A book critique

Joe’s Post #28 — Without a doubt, this retreat critique will be the most challenging one we’ve ever done. We’ll be looking at a whole book and that’s quite a lot to look at, read through, critique, comment on, then, at least in my case, remember what you’ve just done. In the past, we’ve done 30 pages a time. Pretty easy to get to everyone in a time span from about coffee cake time to high-tea snack time.

A whole novel, though. 400-500 pages. In 8 hours. Wow. That’s an undertaking.

So here’s a few things we’ve learned from all our critique sessions.  The first part will be this week. The second part, next week.

First up.

IMG_11951) Breaks are important. It may seem like it’s a good idea to power through the time together and pound out critique after critique after critique, but the truth is, the longer we go, the more rushed we become and that does a disservice to the writer. So we’ll have to find a way to break up the whole day with yummy and somewhat fattening foods, maybe a wee walk, and certainly lots of coffee. As well, we’ll have to set up a space for the critiquing and when we’re on a break, we’ll need to walk away from that space. If we can manage that, IF, then every writer should be able to get maximum value from the session.

2) We can’t get distracted. Oh, boy. Can we get distracted. Often many fascinating topics come in the submissions. Talking about Hawaii before the attack on Pearl Harbour. France in the 1970s. Bridge construction. French memories of the construction of a bridge in Hawaii. And then there’s the writing subjects like voice and grammar and outlining and character arcs and sagging middles and the overuse of the word ‘and’ in some sentences. Oh, yes, we are a well-read and opinionated group and that makes for a huge distraction pitfall. If we give in to our intellectual temptations and wander into the wilderness of cool ideas and interesting topics, we’re doomed. So, this time, one of the worst gabby sinners will be moderating the discussion to make sure we stay focused. Me. God help us.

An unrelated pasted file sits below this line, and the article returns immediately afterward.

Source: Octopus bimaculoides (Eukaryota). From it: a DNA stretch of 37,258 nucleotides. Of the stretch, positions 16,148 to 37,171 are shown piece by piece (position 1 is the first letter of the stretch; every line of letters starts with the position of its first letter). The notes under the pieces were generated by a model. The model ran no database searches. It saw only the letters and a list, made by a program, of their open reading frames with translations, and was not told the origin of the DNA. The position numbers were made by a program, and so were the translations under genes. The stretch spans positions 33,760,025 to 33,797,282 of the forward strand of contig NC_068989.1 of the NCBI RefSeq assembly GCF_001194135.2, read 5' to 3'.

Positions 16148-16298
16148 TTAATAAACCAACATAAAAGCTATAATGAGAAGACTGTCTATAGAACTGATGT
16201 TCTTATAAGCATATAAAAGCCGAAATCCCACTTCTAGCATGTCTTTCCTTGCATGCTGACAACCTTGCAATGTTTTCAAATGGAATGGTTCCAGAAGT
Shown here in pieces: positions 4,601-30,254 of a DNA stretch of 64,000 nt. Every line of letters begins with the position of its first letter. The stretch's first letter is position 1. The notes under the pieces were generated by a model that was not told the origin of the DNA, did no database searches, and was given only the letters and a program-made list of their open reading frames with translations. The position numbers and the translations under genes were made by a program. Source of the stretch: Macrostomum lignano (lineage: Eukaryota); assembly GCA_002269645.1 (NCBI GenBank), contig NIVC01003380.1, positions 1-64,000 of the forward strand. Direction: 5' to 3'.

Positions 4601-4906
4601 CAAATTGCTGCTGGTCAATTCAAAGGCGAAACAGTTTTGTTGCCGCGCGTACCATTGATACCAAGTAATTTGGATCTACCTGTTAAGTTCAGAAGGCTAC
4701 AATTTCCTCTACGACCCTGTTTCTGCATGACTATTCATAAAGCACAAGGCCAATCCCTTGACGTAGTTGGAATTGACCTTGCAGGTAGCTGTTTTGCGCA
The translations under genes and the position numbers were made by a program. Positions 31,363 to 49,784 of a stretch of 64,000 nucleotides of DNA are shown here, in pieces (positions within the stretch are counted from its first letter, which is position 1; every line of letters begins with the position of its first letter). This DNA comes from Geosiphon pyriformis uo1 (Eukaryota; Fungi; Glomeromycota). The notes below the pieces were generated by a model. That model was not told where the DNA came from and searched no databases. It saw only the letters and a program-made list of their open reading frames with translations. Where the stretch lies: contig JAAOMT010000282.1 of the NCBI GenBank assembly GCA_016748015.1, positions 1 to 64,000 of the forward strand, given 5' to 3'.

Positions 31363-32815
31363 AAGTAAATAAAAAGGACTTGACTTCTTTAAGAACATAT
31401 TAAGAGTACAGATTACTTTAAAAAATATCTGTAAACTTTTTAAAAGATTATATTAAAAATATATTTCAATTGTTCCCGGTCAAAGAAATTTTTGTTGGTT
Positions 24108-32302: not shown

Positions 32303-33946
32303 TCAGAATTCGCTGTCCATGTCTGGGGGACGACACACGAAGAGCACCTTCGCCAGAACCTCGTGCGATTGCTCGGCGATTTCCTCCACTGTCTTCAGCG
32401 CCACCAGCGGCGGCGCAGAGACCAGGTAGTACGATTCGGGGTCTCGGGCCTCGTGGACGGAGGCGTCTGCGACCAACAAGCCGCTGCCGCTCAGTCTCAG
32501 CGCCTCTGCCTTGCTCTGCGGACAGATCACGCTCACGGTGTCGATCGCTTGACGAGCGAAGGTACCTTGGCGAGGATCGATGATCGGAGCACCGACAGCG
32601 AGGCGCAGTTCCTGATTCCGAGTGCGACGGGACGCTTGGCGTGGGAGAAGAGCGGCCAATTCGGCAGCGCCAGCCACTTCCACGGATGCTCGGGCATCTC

3) Don’t Dig Too Deep. When we’re looking at 30 pages, it’s easy to take time to mention the odd wrong word choice, or verb tenses or dropped punctuation or when a character entered a room wearing a red shirt that says, spank me and no one in the room comments, but we won’t have time for that. It’ll be a whole different level of critiquing. Not ‘in the trenches’ but ‘flying high above them’. It’ll be hard. I’ll want to comment on that red shirt, I will. It’ll be like a need to scratch something I shouldn’t scratch in public. The temptation will be there, especially if I think I can make a funny comment and I want everyone to hear it. But I’ll be strong. We’ll focus on what makes a good story. Character. Setting. Plot.

And that’s for starters. Next week, the other, even more difficult things.

As for me, since I’ve written the novel that everyone will be looking at, I’m going to get my head out of my ass and refocus as well. Queries, boys and girls, queries. Yesterday, I finished hammering out a 1 page synopsis. Damn that was hard. I kept thinking, oh but what about this character and that scene and this plot twist and that cool them? I simply couldn’t keep them all. But I got it done.

Today I sat down and found a few more agents.

Goal for next week. 10 queries. Easy, right?

5 thoughts on “A book critique

  1. Joe, you’re echoing my angst. Just reading the approximately 1600 pages will be a huge undertaking. To know we’ll be doing it with a ‘checklist’ both objective and subjective and then need to try to come up with a helpful critique of the whole seems so daunting! Can’t wait to read next week’s post with more sage advice and tips.

  2. (1) My response to Paula’s last post was to note the danger of spontaneous violence. You echo her trepidation, making me sound even more prescient. I’d cut back on the coffee if I were you (as in all of you). Hypercaffination is not a defense in the United States, and I doubt it will serve you well wherever you hold this (unavoidably adversarial) summit.

    (2) How do you choose agents to query? How many do you query at one time? How long do you wait for a response before sending out another batch of queries? A post or two on this subject would be timely for those of you who survive this dreaded critiquing marathon, and helpful for those of us who follow this blog. I would, however, urge each of you not to refer to the injuries you suffered or inflicted (especially the later), or to offer excuses for the absence or demise of anyone in your group of 5. Anything you say can and will be used against you. ;-\

  3. Thanks for the reality check Joe. My head is still in “tra-la-la-la oboy oboy oboy we’re going on a writers’ retreat” land. Yes, you’re right – it’s going to take some discipline for sure. I insist on one additional caveat: we have to have some fun, too!

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